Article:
"TOXIC HOT SEAT is environmental filmmaking at its pinnacle—revealing, horrifying, infuriating, compelling, and hopeful."
ABOUT TOXIC HOT SEAT
Chemical flame retardants are everywhere. Our furniture. Our homes. Our bodies. But do they work as promised? And are they making us sick?
The three chemical companies producing flame retardants would prefer that we not ask these questions, and they've spent millions of dollars on lobbyists, publicists and influencers to ensure that we don't. It might remind you of the Big Tobacco cover-up. Which makes sense, since Big Tobacco has had a hand in this, too.
Set against the backdrop of the award-winning 2012 Chicago Tribune investigative series "Playing With Fire," TOXIC HOT SEAT threads together an intricate story of manipulation that details how Big Tobacco skillfully convinced fire safety officials to back a standard that, in effect, requires all furniture to be filled with toxic flame retardants. The film continues to untangle how the chemical companies obscure the risks to public health and misrepresent chemical safety data by paying "experts" to alarm legislators and the public about the deadly risk of removing chemical flame retardants from our homes.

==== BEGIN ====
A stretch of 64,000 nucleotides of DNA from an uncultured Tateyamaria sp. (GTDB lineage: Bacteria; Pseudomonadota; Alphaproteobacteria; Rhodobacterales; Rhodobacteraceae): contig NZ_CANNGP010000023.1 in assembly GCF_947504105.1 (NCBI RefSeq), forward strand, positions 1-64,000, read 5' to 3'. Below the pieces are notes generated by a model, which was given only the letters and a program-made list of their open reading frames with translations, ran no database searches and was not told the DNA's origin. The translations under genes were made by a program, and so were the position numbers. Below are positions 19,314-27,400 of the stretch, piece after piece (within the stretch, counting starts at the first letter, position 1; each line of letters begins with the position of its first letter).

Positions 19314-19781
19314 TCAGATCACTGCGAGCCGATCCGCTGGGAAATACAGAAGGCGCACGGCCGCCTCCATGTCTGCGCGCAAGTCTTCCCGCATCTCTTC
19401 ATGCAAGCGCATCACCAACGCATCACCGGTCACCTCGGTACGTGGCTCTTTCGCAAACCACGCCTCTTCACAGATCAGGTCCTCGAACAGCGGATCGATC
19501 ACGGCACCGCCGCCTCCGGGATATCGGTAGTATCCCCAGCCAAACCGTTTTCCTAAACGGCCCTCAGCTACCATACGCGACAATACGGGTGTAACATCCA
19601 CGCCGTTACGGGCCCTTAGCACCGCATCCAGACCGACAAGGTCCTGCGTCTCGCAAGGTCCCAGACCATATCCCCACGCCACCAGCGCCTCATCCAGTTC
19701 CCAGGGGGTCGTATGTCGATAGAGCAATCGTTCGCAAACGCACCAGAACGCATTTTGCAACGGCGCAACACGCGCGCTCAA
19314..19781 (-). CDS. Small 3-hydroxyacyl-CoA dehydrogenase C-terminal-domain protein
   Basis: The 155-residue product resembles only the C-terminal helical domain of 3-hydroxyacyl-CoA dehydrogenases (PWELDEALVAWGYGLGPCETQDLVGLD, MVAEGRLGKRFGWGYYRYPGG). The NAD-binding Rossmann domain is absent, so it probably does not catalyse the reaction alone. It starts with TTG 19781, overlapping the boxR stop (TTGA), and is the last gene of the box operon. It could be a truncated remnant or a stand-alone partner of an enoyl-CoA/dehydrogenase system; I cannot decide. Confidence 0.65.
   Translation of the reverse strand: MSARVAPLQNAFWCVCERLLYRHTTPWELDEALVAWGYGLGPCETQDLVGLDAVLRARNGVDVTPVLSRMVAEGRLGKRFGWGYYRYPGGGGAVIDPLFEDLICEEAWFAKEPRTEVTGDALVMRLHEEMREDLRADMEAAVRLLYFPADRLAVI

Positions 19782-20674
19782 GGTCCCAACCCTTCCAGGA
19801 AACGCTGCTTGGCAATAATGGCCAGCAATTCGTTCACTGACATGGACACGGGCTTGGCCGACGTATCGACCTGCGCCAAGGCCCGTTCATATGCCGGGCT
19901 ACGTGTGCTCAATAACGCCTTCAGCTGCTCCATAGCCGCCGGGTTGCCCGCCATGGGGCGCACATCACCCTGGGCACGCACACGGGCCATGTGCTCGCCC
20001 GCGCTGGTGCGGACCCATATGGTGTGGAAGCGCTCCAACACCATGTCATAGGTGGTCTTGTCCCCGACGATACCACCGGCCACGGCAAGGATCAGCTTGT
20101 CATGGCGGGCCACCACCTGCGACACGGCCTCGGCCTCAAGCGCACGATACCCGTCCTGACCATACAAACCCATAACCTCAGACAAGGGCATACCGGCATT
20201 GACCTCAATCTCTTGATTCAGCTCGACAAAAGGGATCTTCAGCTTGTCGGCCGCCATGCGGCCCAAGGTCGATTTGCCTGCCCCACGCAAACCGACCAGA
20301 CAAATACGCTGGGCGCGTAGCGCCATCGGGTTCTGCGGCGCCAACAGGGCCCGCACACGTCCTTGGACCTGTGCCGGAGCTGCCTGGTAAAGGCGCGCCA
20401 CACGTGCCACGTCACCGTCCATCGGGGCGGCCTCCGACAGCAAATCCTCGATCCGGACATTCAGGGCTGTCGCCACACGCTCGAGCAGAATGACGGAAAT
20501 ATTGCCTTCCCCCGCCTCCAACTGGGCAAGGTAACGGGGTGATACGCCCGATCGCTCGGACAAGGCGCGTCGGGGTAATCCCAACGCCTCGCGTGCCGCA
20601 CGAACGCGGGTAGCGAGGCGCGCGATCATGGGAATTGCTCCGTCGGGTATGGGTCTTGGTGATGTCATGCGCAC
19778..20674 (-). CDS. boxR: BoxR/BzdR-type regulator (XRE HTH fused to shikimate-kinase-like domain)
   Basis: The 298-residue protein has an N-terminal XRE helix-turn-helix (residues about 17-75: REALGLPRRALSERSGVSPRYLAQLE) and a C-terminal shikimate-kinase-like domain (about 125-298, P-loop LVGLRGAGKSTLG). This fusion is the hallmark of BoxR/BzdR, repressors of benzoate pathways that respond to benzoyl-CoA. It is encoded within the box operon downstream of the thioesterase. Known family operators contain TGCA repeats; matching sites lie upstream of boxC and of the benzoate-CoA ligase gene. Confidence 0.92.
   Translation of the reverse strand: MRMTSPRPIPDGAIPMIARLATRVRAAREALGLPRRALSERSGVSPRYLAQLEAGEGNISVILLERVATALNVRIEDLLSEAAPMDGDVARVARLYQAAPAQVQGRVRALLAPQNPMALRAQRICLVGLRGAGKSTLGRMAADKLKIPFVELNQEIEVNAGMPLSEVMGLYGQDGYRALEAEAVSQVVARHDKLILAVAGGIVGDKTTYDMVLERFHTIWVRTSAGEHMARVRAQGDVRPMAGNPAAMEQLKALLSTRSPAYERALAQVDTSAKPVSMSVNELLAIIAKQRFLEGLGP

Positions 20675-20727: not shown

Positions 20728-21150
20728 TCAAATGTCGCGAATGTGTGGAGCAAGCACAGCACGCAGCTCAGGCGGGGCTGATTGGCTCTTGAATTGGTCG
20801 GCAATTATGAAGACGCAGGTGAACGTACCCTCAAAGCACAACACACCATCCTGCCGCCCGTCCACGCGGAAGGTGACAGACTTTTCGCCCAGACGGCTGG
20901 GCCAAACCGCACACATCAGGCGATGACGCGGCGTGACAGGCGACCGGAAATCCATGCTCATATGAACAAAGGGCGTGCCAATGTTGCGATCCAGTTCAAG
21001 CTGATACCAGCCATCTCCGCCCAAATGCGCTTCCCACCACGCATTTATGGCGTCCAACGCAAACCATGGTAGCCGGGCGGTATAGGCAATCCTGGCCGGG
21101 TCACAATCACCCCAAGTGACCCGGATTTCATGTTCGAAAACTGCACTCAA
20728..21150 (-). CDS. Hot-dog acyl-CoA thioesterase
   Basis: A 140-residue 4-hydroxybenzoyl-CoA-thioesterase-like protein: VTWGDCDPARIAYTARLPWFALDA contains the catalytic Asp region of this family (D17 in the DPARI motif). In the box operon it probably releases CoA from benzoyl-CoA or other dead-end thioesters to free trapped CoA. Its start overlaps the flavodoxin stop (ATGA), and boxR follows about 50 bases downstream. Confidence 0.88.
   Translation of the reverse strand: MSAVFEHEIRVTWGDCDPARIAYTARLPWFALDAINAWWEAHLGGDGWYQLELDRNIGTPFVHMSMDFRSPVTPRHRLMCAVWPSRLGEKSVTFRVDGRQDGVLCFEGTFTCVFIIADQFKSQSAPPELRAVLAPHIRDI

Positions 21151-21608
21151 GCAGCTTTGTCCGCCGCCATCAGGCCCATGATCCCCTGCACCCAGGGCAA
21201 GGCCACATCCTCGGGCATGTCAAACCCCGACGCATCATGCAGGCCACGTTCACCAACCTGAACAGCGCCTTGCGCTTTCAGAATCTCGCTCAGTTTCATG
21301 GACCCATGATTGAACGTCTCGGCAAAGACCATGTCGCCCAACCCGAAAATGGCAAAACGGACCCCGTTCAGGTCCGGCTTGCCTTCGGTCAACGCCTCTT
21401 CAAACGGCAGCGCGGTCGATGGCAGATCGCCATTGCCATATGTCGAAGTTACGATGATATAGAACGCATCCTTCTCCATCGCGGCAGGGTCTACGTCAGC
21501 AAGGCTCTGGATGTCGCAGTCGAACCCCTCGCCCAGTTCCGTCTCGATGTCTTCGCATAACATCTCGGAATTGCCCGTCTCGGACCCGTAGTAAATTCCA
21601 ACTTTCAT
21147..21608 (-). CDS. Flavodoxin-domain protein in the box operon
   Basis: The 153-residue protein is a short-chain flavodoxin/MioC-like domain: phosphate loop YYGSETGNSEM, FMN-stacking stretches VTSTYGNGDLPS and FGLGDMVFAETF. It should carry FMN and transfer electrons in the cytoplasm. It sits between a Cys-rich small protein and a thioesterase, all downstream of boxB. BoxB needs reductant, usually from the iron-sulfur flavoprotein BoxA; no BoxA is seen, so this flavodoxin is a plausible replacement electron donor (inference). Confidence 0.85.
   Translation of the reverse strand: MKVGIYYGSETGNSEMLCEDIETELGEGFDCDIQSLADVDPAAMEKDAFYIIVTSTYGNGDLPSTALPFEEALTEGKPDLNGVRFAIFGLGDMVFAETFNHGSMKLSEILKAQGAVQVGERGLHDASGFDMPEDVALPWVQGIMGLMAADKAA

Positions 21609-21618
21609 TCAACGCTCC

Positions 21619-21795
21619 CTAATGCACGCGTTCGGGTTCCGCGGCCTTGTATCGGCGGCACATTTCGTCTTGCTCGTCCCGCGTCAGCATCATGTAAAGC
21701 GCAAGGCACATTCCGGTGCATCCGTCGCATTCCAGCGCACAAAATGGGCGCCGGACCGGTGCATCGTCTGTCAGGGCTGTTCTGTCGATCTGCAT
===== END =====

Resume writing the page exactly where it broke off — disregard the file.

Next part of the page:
Through the personal stories of a cancer-surviving firefighter, a renowned chemist whose work helped remove fire retardants from kid's pajamas in the 1970s, and a brave and determined young Maine legislator and mom, TOXIC HOT SEAT reveals the courage of brave citizens willing to fight for the truth against a shadowy nexus of money and politics.